• allow plan administrators of defined contribution pension plans to correct for both under-contributions and over-contributions;
  • update the rules for electronic filing and certification of tax and information returns to allow electronic signatures and electronic means for filing, among other changes;
  • temporarily extend certain timelines for the Canadian film or video production tax credit (CPTC) and the film or video production services tax credit (PSTC);
  • address an error in the covid-19 goods and services tax credit top-up;
  • address issues with the revocation tax for organisations that have their registration as a charity revoked in certain situations.

In addition, Finance's release also includes draft legislation for additional tax changes, on which it will accept comments by 5 April 2022. These measures:

  • amend certain taxes that apply to registered investments (eg, registered disability savings plans, RRSPs and tax-free savings accounts);
  • address complex transactions that attempt to circumvent the tax debt avoidance rule;
  • ensure the Canada Revenue Agency has the authority to conduct audits and undertake other compliance activities; and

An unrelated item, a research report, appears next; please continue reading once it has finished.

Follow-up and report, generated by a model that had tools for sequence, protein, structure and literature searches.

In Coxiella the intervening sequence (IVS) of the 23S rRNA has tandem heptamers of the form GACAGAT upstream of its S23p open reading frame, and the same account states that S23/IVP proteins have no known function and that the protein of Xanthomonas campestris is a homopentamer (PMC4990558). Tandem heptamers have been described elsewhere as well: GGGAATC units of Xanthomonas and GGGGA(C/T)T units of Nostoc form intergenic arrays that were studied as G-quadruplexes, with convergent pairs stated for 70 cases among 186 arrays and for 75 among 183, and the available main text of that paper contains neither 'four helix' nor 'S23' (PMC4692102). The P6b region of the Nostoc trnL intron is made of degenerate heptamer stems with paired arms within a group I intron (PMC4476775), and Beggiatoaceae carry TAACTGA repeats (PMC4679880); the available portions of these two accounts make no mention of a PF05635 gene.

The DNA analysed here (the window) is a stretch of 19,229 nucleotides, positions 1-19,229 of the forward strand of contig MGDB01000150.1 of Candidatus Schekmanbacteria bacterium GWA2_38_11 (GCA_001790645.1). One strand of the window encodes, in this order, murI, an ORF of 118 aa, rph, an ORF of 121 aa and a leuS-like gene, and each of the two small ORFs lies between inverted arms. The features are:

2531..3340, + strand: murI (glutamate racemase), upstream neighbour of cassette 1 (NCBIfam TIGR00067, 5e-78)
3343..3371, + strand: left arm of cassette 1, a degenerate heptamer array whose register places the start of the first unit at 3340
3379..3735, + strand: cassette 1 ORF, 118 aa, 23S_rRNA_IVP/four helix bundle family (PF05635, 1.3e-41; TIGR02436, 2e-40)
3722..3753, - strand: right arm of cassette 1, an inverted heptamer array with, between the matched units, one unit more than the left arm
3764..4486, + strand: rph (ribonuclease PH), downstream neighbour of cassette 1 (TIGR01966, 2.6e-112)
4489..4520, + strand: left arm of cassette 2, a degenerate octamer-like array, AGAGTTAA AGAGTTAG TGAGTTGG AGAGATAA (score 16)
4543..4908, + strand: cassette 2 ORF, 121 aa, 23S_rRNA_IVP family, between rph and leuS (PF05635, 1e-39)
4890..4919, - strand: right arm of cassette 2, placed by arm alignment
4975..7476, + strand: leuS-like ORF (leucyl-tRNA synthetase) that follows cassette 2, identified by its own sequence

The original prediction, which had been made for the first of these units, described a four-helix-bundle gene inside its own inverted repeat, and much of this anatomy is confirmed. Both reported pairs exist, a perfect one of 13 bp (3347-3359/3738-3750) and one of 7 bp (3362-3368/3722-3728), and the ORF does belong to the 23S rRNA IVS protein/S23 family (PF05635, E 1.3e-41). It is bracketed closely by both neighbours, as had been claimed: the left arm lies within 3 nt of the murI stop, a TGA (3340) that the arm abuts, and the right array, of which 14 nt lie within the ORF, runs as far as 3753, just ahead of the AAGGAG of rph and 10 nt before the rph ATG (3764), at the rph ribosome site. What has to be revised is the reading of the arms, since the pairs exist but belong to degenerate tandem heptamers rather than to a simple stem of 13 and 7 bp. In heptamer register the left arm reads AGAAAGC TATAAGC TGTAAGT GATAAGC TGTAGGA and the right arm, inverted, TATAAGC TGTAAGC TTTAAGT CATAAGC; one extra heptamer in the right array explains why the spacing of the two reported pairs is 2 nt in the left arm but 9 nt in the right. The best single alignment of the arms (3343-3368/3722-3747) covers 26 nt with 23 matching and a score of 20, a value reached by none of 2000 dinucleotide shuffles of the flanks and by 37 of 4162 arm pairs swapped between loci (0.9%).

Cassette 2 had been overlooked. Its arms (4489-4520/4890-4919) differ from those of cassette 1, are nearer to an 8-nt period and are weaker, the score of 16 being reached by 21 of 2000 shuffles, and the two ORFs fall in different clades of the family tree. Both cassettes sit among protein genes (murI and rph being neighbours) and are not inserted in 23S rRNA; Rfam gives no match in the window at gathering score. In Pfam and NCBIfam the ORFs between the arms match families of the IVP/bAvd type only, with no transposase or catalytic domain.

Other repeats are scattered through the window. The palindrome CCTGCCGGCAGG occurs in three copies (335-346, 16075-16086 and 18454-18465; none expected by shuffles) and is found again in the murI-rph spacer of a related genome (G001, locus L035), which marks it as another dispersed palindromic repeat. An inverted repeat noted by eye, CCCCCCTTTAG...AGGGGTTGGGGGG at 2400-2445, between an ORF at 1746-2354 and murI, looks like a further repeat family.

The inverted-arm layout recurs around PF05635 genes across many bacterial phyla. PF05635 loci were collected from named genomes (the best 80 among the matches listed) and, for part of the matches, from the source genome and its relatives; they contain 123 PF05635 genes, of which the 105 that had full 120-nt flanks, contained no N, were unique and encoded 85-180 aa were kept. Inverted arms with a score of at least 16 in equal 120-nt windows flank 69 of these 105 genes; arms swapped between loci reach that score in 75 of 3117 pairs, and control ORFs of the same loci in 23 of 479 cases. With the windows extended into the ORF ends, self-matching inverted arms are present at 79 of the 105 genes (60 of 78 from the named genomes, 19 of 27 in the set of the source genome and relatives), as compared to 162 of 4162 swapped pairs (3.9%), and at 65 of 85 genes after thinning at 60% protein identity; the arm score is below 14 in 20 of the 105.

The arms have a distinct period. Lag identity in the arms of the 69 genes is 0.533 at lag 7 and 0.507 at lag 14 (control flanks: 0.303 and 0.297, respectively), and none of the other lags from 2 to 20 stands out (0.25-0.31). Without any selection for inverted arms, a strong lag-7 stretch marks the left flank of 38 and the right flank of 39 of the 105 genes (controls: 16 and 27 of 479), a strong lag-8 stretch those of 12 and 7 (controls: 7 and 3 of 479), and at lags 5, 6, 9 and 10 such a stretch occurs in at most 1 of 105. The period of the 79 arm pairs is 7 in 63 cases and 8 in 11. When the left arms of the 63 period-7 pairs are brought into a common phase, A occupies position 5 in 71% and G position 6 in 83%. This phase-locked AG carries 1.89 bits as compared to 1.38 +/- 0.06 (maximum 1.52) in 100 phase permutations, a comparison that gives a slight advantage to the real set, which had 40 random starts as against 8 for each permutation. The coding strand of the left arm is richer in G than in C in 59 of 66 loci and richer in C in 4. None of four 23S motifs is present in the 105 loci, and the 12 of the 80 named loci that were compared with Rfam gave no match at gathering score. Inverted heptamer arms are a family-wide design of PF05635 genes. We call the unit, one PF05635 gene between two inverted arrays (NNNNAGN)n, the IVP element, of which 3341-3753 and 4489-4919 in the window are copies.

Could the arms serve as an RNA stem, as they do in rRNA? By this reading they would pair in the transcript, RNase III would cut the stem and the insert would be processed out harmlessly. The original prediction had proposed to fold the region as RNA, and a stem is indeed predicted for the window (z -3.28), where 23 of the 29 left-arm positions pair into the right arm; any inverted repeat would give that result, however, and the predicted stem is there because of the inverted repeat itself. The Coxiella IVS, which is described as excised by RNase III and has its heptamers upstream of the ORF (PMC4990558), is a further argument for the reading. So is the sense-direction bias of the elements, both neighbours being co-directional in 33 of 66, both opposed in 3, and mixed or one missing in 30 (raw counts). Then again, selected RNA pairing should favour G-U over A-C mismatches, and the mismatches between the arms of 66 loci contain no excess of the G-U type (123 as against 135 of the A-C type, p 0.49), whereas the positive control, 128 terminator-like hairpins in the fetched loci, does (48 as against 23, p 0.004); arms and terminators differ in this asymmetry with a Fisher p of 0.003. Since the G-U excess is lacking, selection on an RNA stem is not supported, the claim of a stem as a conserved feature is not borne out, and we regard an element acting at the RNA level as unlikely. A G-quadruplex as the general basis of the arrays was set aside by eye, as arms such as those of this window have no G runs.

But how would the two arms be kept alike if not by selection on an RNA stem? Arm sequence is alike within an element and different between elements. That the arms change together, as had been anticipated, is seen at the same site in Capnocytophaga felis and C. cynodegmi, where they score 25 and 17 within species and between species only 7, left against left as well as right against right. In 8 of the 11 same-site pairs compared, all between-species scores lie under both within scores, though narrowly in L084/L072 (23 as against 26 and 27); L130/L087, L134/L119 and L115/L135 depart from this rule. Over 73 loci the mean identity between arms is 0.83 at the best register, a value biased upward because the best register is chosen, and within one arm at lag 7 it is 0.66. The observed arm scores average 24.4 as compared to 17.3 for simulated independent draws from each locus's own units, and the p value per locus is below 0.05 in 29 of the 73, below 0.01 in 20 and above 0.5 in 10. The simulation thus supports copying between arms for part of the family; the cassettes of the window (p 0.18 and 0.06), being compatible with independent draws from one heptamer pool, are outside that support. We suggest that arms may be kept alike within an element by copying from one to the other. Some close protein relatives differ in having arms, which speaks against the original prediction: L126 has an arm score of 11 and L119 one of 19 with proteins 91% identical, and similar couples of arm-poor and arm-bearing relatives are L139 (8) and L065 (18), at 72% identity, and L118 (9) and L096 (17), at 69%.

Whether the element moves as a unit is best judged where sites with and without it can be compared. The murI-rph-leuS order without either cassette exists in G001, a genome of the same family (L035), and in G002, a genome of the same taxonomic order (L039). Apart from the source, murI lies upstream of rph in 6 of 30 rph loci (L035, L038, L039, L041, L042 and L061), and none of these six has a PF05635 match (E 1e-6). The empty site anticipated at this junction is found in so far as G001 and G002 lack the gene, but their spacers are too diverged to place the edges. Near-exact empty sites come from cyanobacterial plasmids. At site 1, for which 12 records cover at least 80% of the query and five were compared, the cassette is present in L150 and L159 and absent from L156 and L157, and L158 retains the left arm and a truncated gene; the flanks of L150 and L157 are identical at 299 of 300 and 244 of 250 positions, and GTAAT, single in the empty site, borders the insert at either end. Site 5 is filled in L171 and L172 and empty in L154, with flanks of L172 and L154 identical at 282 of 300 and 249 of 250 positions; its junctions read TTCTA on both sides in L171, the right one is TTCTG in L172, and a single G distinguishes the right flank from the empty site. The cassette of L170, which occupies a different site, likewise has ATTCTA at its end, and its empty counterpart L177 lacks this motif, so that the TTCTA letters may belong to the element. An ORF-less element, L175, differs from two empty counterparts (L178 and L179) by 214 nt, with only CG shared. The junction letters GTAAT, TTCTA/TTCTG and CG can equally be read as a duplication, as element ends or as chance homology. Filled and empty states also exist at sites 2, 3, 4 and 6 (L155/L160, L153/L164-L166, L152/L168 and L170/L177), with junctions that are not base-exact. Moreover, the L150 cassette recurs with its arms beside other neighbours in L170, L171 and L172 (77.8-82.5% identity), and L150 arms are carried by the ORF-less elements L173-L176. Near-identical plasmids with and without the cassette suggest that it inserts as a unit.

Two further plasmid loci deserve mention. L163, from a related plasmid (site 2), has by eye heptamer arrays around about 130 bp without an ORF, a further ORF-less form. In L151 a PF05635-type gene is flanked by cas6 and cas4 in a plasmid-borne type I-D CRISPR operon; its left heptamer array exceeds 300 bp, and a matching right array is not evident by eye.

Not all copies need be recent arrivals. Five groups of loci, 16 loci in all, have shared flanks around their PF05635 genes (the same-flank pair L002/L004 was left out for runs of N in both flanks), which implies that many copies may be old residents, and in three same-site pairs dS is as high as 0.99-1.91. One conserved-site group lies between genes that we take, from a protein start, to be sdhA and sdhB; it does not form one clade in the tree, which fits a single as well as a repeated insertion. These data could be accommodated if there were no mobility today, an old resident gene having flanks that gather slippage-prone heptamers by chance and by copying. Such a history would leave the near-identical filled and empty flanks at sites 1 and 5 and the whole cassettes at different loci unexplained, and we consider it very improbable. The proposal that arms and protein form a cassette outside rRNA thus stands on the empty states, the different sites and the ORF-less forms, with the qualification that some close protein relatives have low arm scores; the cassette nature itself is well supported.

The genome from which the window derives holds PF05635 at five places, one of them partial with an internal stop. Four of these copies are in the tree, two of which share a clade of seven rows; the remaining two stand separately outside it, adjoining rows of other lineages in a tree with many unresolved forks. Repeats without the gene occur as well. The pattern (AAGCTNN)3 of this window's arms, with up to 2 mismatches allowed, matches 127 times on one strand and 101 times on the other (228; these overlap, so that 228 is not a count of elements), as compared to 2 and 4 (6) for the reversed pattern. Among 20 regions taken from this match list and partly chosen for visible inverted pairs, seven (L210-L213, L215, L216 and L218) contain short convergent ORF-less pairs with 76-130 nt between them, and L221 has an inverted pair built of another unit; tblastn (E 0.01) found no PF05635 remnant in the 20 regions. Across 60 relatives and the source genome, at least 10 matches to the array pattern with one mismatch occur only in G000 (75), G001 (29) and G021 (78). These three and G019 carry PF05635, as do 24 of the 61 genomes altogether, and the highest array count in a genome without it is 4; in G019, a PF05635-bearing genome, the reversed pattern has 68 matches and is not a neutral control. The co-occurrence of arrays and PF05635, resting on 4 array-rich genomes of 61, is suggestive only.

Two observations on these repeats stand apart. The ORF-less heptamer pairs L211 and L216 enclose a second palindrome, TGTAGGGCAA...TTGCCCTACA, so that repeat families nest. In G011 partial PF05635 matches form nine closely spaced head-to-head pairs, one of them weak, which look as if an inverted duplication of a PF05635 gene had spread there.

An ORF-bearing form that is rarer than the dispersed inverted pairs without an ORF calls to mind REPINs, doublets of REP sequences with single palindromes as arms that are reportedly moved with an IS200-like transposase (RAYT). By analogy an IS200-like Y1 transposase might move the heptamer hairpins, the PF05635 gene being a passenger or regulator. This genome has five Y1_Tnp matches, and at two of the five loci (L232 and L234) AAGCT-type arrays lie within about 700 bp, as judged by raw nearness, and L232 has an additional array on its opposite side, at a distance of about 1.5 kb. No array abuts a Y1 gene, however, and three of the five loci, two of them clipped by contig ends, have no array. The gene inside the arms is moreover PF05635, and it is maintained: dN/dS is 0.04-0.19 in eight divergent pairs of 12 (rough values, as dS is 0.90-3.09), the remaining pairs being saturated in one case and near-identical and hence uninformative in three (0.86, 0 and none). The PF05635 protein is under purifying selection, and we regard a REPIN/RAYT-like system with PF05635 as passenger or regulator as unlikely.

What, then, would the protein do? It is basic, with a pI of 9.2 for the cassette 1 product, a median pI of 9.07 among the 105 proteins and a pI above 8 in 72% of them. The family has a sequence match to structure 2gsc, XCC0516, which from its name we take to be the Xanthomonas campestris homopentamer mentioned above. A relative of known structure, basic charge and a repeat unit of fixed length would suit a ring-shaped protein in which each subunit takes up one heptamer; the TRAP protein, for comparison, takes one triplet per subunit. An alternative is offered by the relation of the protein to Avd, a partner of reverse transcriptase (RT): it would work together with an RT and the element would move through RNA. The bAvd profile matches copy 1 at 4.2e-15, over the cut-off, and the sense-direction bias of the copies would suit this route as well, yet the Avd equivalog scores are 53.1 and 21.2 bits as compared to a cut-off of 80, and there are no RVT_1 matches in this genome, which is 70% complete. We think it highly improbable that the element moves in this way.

• update the rules that address tax planning relating to allocations to redeeming fund unit holders in the mutual fund industry.


Taxpayers, including corporations, partnerships, trusts, individuals and non-residents, may want to review the new package of draft legislation to determine how they may be affected. Although this release includes draft legislation for many long-anticipated tax measures, there are still certain outstanding legislative proposals that have not yet been released, including:

  • measures to introduce a new luxury tax;
  • hybrid mismatch rules;
  • changes to "modernise" the General Anti-Avoidance Rule; and
  • other amendments affecting certain intergenerational share transfers.

For further information on this topic please contact Sabrina Wong or Sam J Tyler at KPMG Law by telephone (+1 416 777 8000‚Äč) or email ([email protected] or [email protected]). The KPMG Law website can be accessed at